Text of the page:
Developing a New Resolution Regime for Failed Systemically Important Financial Institutions

Stephanie Massman, J.D. 2015, Harvard Law School

 

In the wake of the 2007-2008 financial crisis, criticism surrounded not only the government bailouts, but also the decision to not bail out Lehman Brothers, which led to its lengthy and value-destructive chapter 11 bankruptcy. In response to this criticism, Congress enacted the Orderly Liquidation Authority (“OLA”), a regulatory alternative to bankruptcy for systemically important financial institutions (“SIFIs”), included as Title II of the Dodd-Frank Wall Street Reform and Consumer Protection Act of 2010. The OLA, although perceived to be a radical departure from traditional bankruptcy, incorporates many familiar resolution principles. The most significant departures from the Bankruptcy Code are those designed to ensure financial stability in the national and global economies in the event of a SIFI failure; because the Bankruptcy Code does not currently specifically provide for a SIFI failure, it does not address financial stability concerns at all. Furthermore, by banning future government bailouts and imposing new stays on qualified financial contracts, the OLA also seeks to correct skewed market discipline incentives surrounding SIFIs—including those arising due to the “Too Big To Fail” subsidy—which may have caused the “moral hazard” problems that were a contributing factor in the financial crisis. Unfortunately, the prescribed tactics for accomplishing a resolution under the OLA may in fact implicate new moral hazard concerns, which have yet to be addressed by regulators. What further remains to be seen is both the extent to which the regulatory agencies will assume their new statutorily ordained authority to regulate these SIFIs and the extent to which the market will find their regulations credible.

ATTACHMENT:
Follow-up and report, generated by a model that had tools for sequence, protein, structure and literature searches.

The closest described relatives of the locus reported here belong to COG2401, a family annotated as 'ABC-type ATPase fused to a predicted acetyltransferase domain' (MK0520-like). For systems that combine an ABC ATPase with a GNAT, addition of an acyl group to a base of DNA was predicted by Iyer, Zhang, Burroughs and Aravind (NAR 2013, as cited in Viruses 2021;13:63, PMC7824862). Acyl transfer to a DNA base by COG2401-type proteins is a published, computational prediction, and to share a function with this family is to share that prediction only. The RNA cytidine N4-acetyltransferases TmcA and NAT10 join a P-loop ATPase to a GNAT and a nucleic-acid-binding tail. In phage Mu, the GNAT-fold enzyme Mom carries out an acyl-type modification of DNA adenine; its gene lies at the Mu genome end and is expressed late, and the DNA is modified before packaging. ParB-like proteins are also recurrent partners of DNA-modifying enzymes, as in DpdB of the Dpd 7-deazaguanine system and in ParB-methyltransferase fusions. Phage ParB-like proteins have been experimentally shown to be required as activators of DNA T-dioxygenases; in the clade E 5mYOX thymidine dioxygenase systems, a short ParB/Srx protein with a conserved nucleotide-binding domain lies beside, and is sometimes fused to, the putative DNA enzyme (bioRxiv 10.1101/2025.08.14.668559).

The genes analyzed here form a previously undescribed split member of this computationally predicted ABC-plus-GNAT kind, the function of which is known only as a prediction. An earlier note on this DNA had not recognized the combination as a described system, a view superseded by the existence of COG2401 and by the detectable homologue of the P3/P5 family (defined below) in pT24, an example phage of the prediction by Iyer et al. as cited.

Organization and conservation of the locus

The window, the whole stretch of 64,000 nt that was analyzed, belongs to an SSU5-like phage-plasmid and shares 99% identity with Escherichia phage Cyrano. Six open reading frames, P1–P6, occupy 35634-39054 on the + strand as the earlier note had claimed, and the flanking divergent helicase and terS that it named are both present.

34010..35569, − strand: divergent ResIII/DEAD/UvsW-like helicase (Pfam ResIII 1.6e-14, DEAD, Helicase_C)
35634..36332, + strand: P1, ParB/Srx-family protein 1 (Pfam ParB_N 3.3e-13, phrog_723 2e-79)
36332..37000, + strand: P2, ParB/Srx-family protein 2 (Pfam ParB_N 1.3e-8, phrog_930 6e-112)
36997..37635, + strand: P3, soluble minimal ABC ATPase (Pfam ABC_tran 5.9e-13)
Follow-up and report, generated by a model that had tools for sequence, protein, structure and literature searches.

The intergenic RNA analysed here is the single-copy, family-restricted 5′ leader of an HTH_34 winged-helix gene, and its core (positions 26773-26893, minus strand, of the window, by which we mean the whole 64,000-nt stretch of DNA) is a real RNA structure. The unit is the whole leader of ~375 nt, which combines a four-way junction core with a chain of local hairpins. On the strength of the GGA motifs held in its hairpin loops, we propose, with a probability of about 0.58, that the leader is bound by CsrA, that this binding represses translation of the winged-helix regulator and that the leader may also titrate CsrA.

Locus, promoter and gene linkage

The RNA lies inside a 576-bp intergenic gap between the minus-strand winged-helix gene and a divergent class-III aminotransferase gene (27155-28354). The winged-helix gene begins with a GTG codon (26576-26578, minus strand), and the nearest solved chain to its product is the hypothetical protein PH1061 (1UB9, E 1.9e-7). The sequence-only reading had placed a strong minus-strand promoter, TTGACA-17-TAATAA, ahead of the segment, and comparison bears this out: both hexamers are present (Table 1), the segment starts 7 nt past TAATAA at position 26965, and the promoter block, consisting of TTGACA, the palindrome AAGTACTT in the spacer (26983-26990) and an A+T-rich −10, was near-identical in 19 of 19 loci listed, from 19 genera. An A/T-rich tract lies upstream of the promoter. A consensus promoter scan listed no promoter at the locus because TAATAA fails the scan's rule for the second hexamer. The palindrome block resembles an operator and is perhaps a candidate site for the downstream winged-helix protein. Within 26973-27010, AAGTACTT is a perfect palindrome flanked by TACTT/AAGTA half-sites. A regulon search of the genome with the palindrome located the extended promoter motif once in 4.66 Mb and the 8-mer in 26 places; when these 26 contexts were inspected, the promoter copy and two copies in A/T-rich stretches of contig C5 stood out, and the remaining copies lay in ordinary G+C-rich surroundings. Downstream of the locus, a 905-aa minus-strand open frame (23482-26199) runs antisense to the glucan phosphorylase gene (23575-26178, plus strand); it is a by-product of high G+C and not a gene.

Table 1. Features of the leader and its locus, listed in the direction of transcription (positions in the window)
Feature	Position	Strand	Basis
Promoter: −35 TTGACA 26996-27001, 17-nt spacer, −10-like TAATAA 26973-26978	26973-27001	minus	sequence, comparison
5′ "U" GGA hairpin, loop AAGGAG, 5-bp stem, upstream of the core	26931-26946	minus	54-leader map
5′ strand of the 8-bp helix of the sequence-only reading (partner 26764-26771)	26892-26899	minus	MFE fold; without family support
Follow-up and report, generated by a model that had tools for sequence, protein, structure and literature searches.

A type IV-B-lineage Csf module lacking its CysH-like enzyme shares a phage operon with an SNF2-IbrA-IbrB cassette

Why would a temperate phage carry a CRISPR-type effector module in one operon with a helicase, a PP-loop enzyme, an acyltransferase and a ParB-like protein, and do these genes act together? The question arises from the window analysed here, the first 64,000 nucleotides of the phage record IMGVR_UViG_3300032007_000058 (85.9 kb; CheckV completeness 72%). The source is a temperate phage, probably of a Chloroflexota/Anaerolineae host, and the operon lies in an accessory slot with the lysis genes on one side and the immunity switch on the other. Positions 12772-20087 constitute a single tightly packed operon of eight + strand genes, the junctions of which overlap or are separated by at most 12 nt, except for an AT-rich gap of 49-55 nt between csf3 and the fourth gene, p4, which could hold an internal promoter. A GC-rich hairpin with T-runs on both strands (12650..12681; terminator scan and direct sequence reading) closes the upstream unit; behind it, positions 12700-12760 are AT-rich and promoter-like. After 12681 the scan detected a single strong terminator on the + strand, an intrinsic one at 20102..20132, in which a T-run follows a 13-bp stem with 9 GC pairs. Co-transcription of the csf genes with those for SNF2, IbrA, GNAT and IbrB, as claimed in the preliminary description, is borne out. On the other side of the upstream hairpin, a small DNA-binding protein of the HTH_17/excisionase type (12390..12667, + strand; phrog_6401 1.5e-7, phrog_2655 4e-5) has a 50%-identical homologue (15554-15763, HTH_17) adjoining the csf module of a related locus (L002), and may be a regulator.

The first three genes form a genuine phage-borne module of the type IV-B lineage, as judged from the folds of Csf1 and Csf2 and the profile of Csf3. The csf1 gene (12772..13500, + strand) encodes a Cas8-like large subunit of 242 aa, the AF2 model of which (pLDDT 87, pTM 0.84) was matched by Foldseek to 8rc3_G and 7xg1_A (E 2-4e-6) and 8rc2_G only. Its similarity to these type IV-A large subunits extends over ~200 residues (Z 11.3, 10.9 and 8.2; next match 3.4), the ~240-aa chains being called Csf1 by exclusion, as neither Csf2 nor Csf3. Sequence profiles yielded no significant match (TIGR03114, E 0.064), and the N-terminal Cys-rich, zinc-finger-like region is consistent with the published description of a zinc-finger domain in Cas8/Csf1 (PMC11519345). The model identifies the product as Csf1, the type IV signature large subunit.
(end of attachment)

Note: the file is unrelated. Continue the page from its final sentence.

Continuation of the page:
This article examines the current state of development of a resolution process for SIFIs under the OLA and evaluates how effective the OLA is likely to be in preserving financial stability and minimizing moral hazard.

To view the full article, click here.

Tribune Fraudulent Conveyance Litigation Roundup

Recently, in In re Tribune Co. Fraudulent Conveyance Litig., 2016 WL 1226871 (March 29, 2016), the Second Circuit held that 11 U.S.C. § 546(e) preempts state law constructive fraudulent conveyance claims brought by creditors even though the text of § 546(e) mentions only trustees. The court thought it unwise to focus exclusively on § 546(e)’s limitation to trustees in ignorance of its context and legislative history. Using those indicia of meaning, the court concluded that the statute’s purpose is to insulate securities markets from avoidance proceedings, and that allowing creditors to assert state law constructive fraudulent conveyance claims would frustrate that purpose. Accordingly, it held such claims preempted.

Weil Gotshal, Shearman & Sterling and Mintz Levin believe the decision properly forecloses creditors from circumventing § 546(e) by either suing individually under state fraudulent conveyance laws or assigning their claims to the trustee. According to these firms, the decision thus reinforces equitable distributions because it prevents creditors from enhancing their individual recoveries.

Latham & Watkins, on the other hand, believes the decision’s “sweeping” language leaves creditors “stranded at sea” and doubts other circuits will join the Second Circuit’s expansive interpretation. Caplin & Drysdale agrees that the court went too far. “Any untoward consequences threatened by the simultaneous prosecution of claims by a trustee and creditors,” the firm explains, “could be prevented by a Section 105(a) injunction.”